Before the final curtain falls on Kobe Bryant's basketball career, fans will get a rare treat in the form of a Showtime documentary called Kobe Bryant's Muse profiling one of the greatest Lakers to don purple and gold.
In a press release, Showtime announced that it plans to release the documentary at some point this fall, coinciding with Bryant's hopefully healthy return to the Los Angeles Lakers.
The feature is directed by Gotham Chopra, whose directing credits include Decoding Deepak (2012) and the ESPN 30 for 30 film The Little Master (2014).
Chopra states the project was an unlikely one considering his sports loyalties. "As a lifelong Boston Celtics fan, never did I imagine I would collaborate with Laker great Kobe Bryant," he said.
Chopra was ecstatic about the chance to profile the Lakers legend.
"Kobe's quest for greatness transcends rivalries and I'm excited by his and Showtime’s willingness to go down this rabbit hole together. I’m confident audiences will be intrigued by what comes out the other side," he said.
ESPN.com's Ramona Shelburne notes that Bryant isn't exactly one to jump at the chance to welcome film crews and producers into his personal space:
In the past, Bryant has resisted projects that demand an all-access look into his life, choosing to keep the methods behind his success mysterious. But with his career threatened by an Achilles injury last spring, and the knowledge that his time in the NBA is coming to an end within a few years, he changed his mind.
Bryant, however, did allow renowned filmmaker Spike Lee to chronicle his life over the course of a game day back in 2009 in the documentary Kobe Doin' Work.
From the looks of it, the Showtime documentary will be a far more exhaustive look at Bryant's life and his preparations as one of the sport's best players.
Executive vice president and general manager of Showtime Sports Stephen Espinoza had this to say: "Kobe Bryant's Muse will offer viewers a deep character portrait of a professional athlete who has transcended his sport to become a culture-moving personality."
"We are thrilled that Kobe has given us this unprecedented access, which will allow our viewers to witness such a challenging period of time in the life of one of the NBA’s greatest players," he continued.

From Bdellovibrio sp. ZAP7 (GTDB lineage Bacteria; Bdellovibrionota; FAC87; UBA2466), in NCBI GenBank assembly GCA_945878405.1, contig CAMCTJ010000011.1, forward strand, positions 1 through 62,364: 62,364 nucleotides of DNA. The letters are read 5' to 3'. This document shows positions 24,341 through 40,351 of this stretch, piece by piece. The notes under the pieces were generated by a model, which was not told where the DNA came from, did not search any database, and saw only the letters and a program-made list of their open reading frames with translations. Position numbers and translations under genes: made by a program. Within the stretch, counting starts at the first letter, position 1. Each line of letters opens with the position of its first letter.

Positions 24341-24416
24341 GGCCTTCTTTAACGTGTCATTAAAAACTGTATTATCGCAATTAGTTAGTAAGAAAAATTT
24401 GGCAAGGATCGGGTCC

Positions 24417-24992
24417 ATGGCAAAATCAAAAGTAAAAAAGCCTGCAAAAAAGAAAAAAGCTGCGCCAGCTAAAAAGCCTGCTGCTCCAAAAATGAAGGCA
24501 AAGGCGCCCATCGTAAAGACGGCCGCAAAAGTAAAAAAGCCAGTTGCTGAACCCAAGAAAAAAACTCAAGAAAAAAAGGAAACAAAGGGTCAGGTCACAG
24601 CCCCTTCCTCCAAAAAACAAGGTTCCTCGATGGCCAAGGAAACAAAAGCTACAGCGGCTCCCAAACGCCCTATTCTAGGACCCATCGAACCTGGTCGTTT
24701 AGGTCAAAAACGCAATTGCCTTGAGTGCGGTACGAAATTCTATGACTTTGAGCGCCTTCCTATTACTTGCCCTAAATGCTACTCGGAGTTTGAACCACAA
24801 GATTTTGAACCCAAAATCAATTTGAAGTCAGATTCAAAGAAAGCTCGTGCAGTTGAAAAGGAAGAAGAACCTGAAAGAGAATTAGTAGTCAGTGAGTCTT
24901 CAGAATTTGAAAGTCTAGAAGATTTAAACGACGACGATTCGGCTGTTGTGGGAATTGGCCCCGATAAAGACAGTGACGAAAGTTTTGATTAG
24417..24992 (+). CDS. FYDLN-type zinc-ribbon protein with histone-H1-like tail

According to the release, the documentary will be executive produced by Bryant and Chopra in tandem with Mamba Media and cover "Bryant's storied basketball career, detailing his mentorships, allies and rivalries that have helped shape his 18-year tenure in the NBA."
As the Los Angeles Times' Patrick Kevin Day reminds us, Bryant is under contract with the Lakers for $48.5 million over the next two seasons. He is coming off one of the more frustrating campaigns of his career, playing in just six games thanks to injury and, as reported by the LA Times, departing early for vacation.
He also posted this pointed tweet before leaving:
As Shelburne notes, welcoming such a production isn't exactly shocking considering Bryant's recent revelation that the end of his career is near and various projects outside basketball are necessary for a man who works so tirelessly at his craft.
Shelburne points to a March interview between Bryant and ESPN's Darren Rovell covering the Lakers star's budding business ventures.
Bryant had this to say about the prospect of life after basketball:
I have always had ideas and always had a vision of where I wanted to go going back to 2000, but they are just ideas. Now, once the Achilles injury took place, I'm sitting at home for months not moving, a couple things set in. One is that there is only so many Modern Family episodes a person can watch. And then two, what do I do now?
If one were so bold, the answer might be that Bryant is now apter to stretch the empire and welcome projects outside his comfort zone.
Don't think for a second this means anything different for Bryant the player, because fans should expect the 35-year-old to work extremely hard to make next season the polar opposite of this one.
As for the documentary, we'll put on our soothsayer hat and predict a hit. Despite playing in a handful of games, ESPN.com indicates that Bryant's jersey still ranked in the top five of sales for the year.
Fans gravitate toward the Mamba. It's that fact that makes a rare look into his life so compelling. When you couple that with the popularity of similar documentaries found in the likes of the 30 for 30 series, you have all the components for a memorable feature for fans of all basketball loyalties.
A healthy Bryant has long been a safe bet on the basketball court, but a similar sentiment is welcome in capturing all things Bryant behind the scenes.
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